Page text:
Warren pitched ten games in the GCL last year and struggled, posting a 7.62 ERA with 9 walks in 13 innings. Being a lefty, he‘s going to get another chance.
Himpsl was a draft-and-follow signee from last month. He's got a blazing fastball, but his control has been horrible. The Braves thought his mid-90s fastball was worth the risk, so now they've got to take this hard thrower and make him a pitcher.
Javier Dominguez and Steven "Bubba" Garcia will get the majority of playing time behind the plate. Dominguez is drawing rave reviews from the staff. He's a switch-hitting, six-foot-one receiver who will turn 21 next month; Javier's spent the past four years on our Dominican Summer League teams.
Garcia, a 19-year-old right-handed hitter, was the Braves' ninth round pick in the 2005 draft. He'll be returning to the GCL, where he got 52 at bats last summer.
Victor Hernandez and Brian Ward will be the primary backups. Like Dominguez, Hernandez has been on the DSL teams the last four years, while Ward is a free agent signee.
The Braves have moved a couple of outfielders to first base to give them a shot at the position. Adam Parliament, the 26th round pick in 2004 will get the majority of at bats there. The rangy right-handed hitter played in 46 games as an outfielder last year in the GCL. He's got good power, but must cut down on his strikeouts. He had four home runs but 44 strikeouts last season in 157 at bats.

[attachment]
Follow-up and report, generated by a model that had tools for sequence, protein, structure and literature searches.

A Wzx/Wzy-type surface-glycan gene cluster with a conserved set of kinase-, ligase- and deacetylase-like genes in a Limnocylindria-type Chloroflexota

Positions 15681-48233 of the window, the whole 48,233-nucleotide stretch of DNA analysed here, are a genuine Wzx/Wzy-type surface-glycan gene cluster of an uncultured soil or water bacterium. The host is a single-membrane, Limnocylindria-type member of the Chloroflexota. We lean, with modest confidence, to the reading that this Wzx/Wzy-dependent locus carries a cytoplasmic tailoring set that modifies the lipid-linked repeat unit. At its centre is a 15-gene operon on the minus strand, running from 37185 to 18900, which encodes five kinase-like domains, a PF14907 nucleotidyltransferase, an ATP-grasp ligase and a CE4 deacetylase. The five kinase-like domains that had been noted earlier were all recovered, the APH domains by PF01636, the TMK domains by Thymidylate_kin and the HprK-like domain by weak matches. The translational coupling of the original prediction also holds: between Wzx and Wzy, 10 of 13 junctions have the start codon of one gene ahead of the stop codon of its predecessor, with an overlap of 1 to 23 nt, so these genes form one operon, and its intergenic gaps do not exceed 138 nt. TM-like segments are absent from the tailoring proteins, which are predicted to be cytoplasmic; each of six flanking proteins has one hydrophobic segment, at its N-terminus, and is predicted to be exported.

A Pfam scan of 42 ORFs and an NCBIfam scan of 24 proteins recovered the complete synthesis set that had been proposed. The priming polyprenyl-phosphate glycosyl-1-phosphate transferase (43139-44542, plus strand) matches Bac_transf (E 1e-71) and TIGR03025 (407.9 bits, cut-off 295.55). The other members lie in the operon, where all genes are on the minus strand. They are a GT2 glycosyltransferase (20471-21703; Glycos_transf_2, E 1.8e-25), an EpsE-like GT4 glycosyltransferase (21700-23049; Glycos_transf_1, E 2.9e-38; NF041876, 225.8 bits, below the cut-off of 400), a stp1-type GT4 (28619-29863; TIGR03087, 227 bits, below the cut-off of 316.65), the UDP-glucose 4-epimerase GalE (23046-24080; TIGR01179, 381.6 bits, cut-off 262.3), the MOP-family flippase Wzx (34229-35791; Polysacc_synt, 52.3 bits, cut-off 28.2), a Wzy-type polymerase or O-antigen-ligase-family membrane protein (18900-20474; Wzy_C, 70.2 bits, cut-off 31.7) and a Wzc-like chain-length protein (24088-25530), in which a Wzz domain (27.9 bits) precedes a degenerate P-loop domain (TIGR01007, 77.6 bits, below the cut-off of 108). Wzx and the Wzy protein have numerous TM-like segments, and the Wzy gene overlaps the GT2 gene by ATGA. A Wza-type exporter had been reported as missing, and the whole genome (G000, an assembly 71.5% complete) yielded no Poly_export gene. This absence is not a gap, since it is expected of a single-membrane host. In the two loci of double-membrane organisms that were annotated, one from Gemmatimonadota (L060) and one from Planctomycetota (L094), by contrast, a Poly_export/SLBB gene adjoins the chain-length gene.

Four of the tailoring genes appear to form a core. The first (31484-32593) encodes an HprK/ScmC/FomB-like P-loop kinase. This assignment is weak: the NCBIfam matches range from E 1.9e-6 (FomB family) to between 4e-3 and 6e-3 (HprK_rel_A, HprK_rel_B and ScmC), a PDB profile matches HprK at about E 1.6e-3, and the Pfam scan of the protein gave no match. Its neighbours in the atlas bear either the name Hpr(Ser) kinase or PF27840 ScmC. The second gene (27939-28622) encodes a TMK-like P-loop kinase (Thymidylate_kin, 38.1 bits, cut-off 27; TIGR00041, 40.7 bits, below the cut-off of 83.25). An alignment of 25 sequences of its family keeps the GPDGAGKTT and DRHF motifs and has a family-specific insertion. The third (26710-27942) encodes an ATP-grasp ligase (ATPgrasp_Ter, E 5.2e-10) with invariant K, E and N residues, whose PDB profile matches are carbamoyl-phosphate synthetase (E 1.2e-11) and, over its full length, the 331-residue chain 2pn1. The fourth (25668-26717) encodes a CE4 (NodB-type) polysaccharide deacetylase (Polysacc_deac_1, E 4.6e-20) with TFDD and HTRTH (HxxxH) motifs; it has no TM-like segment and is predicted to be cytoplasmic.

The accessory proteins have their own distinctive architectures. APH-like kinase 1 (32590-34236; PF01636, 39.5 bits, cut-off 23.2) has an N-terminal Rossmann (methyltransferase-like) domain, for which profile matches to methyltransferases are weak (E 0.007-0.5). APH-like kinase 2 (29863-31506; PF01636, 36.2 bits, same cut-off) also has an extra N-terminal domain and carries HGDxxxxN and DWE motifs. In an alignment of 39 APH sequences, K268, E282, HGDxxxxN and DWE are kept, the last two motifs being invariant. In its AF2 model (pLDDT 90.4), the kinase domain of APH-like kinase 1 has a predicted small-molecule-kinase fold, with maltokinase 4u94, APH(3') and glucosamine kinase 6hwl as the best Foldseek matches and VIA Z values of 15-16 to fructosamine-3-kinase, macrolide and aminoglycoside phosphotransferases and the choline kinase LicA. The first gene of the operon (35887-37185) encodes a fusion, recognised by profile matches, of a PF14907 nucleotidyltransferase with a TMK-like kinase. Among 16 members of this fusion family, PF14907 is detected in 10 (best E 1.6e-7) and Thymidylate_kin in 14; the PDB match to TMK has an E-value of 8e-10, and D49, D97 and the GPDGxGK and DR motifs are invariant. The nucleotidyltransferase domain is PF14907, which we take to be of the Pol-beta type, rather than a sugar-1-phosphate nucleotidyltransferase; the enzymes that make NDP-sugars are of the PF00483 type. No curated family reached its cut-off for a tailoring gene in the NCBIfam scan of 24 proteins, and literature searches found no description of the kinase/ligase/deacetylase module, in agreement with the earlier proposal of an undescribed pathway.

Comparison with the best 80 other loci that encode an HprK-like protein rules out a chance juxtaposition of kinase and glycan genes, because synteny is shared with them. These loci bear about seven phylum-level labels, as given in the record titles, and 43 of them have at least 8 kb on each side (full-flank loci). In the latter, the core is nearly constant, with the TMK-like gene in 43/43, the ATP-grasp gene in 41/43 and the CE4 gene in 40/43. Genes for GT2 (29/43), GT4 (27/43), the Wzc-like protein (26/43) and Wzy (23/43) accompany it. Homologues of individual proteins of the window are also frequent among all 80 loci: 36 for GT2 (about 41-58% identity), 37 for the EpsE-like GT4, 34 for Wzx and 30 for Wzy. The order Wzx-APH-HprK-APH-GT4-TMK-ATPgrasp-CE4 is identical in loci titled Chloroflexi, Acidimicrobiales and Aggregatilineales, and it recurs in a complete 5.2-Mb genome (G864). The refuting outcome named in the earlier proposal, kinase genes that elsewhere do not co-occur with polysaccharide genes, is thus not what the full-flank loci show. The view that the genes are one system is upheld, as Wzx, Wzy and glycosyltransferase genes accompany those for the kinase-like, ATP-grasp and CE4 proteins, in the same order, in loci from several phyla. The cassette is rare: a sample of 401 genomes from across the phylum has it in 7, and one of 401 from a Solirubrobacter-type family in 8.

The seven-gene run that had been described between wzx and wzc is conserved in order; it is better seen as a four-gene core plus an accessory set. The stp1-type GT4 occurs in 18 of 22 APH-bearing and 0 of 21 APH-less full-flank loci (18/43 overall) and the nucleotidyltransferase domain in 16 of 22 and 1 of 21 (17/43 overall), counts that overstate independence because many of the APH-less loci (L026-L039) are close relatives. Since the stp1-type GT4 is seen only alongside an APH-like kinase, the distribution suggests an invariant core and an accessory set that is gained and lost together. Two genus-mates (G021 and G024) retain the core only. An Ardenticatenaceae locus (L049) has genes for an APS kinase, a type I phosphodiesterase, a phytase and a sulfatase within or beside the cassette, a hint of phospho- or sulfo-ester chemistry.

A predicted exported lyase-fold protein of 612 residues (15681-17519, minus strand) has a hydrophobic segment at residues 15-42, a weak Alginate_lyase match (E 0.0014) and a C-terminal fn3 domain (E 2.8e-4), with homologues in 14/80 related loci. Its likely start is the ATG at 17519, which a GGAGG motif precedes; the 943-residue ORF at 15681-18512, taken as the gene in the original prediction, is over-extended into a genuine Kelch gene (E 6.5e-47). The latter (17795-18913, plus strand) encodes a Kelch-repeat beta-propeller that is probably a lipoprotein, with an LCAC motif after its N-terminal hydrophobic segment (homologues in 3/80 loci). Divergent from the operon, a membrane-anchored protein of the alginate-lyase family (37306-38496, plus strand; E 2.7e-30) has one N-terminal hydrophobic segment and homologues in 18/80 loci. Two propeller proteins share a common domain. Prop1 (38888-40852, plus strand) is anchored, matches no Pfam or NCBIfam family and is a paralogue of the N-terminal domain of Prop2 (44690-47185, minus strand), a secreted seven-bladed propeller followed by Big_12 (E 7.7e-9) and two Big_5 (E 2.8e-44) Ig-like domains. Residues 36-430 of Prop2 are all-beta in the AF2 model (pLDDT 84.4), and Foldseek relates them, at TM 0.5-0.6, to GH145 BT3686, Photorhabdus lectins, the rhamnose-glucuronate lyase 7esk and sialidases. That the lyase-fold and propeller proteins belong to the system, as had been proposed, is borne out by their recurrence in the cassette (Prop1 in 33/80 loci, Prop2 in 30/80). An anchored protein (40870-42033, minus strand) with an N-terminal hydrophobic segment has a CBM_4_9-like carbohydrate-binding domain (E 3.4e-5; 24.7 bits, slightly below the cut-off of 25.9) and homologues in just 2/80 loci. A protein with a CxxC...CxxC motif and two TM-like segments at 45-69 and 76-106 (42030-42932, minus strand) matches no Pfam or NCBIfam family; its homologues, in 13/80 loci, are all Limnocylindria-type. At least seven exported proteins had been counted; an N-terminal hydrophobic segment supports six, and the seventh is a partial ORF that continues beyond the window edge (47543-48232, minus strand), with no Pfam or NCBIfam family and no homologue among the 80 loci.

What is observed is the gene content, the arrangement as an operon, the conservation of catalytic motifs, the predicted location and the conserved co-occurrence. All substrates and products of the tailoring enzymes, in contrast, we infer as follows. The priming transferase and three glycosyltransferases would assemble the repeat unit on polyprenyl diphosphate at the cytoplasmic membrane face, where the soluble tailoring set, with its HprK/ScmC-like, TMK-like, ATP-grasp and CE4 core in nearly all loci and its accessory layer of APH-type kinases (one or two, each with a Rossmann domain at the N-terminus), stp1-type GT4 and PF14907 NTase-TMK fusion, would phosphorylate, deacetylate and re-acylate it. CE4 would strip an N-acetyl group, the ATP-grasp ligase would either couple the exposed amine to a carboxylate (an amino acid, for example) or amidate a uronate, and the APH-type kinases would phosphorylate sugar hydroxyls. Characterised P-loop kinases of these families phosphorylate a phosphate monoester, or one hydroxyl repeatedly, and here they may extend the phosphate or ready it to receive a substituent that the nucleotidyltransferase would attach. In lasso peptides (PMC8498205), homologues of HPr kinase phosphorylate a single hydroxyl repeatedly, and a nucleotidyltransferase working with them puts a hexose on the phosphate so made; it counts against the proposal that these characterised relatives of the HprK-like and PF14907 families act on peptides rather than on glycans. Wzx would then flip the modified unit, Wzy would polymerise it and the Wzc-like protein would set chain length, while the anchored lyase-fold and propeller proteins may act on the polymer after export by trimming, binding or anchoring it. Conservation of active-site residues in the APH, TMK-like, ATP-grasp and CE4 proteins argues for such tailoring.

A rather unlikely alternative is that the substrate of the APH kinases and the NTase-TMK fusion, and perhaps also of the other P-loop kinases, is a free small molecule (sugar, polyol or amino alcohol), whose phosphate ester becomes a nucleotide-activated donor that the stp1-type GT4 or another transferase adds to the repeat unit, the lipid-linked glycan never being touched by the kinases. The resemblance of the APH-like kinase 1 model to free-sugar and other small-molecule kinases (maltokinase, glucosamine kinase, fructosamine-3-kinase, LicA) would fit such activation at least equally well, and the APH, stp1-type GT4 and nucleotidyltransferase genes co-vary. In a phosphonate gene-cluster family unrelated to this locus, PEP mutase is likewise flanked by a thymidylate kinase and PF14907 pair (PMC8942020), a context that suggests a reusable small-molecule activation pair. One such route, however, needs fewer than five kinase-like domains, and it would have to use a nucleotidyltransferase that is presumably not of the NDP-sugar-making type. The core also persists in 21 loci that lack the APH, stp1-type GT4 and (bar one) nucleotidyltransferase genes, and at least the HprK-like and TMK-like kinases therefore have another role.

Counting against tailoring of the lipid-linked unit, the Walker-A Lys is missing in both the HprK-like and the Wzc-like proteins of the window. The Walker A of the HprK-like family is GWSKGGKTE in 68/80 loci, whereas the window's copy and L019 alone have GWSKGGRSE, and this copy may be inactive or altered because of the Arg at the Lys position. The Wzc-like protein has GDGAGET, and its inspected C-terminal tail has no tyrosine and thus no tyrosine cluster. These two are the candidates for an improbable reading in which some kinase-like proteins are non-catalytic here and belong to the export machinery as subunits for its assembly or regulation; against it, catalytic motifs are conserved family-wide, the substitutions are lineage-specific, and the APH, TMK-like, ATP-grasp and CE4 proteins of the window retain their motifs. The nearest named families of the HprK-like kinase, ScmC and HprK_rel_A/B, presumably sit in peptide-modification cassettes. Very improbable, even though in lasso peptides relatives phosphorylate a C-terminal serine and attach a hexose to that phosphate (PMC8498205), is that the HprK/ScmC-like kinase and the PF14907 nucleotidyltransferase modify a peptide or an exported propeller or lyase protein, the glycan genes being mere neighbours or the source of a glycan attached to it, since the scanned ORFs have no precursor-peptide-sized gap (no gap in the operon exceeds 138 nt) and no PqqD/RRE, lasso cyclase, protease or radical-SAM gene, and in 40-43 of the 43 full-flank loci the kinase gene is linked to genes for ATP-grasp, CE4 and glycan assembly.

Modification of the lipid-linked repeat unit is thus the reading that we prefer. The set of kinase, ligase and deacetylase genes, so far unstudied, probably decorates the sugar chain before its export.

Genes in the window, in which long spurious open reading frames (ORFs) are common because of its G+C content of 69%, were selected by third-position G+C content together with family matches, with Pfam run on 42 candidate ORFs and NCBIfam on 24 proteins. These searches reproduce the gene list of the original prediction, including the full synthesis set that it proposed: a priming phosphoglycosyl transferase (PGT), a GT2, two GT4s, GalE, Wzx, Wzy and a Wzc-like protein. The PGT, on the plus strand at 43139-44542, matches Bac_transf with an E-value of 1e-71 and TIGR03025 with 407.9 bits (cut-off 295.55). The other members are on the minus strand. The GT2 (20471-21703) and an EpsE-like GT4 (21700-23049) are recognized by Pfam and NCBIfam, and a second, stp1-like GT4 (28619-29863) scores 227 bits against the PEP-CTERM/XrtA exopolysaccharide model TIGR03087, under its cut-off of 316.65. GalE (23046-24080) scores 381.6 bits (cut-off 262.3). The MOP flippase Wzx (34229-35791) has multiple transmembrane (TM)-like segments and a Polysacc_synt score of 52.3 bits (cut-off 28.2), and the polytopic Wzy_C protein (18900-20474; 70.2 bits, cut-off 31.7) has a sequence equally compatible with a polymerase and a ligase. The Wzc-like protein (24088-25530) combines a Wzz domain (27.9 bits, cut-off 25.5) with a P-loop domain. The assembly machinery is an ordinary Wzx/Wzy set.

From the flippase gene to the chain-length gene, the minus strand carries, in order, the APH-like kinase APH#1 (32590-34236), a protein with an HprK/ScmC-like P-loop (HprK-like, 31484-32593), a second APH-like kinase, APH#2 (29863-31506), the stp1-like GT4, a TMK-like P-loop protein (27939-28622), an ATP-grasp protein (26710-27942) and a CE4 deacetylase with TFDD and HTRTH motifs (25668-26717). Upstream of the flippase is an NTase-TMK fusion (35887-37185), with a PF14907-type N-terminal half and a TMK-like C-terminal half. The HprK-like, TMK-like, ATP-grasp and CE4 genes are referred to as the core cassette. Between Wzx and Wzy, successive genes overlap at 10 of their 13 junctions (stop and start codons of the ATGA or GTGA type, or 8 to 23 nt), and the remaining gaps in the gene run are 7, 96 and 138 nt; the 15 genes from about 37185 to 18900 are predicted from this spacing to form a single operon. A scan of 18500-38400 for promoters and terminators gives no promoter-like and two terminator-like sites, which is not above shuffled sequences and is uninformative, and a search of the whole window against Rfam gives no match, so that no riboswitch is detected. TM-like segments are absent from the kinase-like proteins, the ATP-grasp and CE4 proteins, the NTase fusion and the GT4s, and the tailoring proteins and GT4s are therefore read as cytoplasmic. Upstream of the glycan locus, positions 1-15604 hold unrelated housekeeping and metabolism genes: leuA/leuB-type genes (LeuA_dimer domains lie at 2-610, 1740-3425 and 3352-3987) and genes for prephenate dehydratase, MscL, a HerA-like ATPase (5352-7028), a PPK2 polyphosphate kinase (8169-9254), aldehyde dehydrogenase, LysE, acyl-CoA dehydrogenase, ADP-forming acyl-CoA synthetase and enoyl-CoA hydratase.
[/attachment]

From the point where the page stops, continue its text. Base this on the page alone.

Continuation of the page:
Jorge Casso, another right-handed hitter, will also see time at first. He's a 22-year-old Dominican that hit .302 last year in the DSL as an outfielder.
Yoel Campusano, signed by the Braves last November, will be the starting second baseman for the GCL Braves. This is the kid often compared to a young Adrian Beltre by the Braves' scouts, and while he'll start out at second, he could move to third down the road. Campusano is only nineteen, and the Braves love his potential.
Delvis Rivadeneira and Tony De La Cruz will split time at shortstop in Orlando. Rivadeneira is a 20-year-old switch-hitter who had a .285 career average in three DSL seasons. De La Cruz is a speedster who stole 29 bases in 92 games the last two seasons in the DSL.
Adam Coe, this year's seventh round pick, will be the starting third baseman. Coe had a fantastic senior season at Russell County High School in Alabama. He's built similar to Jeff Bagwell, and the Braves would love it if he can become anything close to the Astros' star. He could lead the GCL team in homers at the end of the season.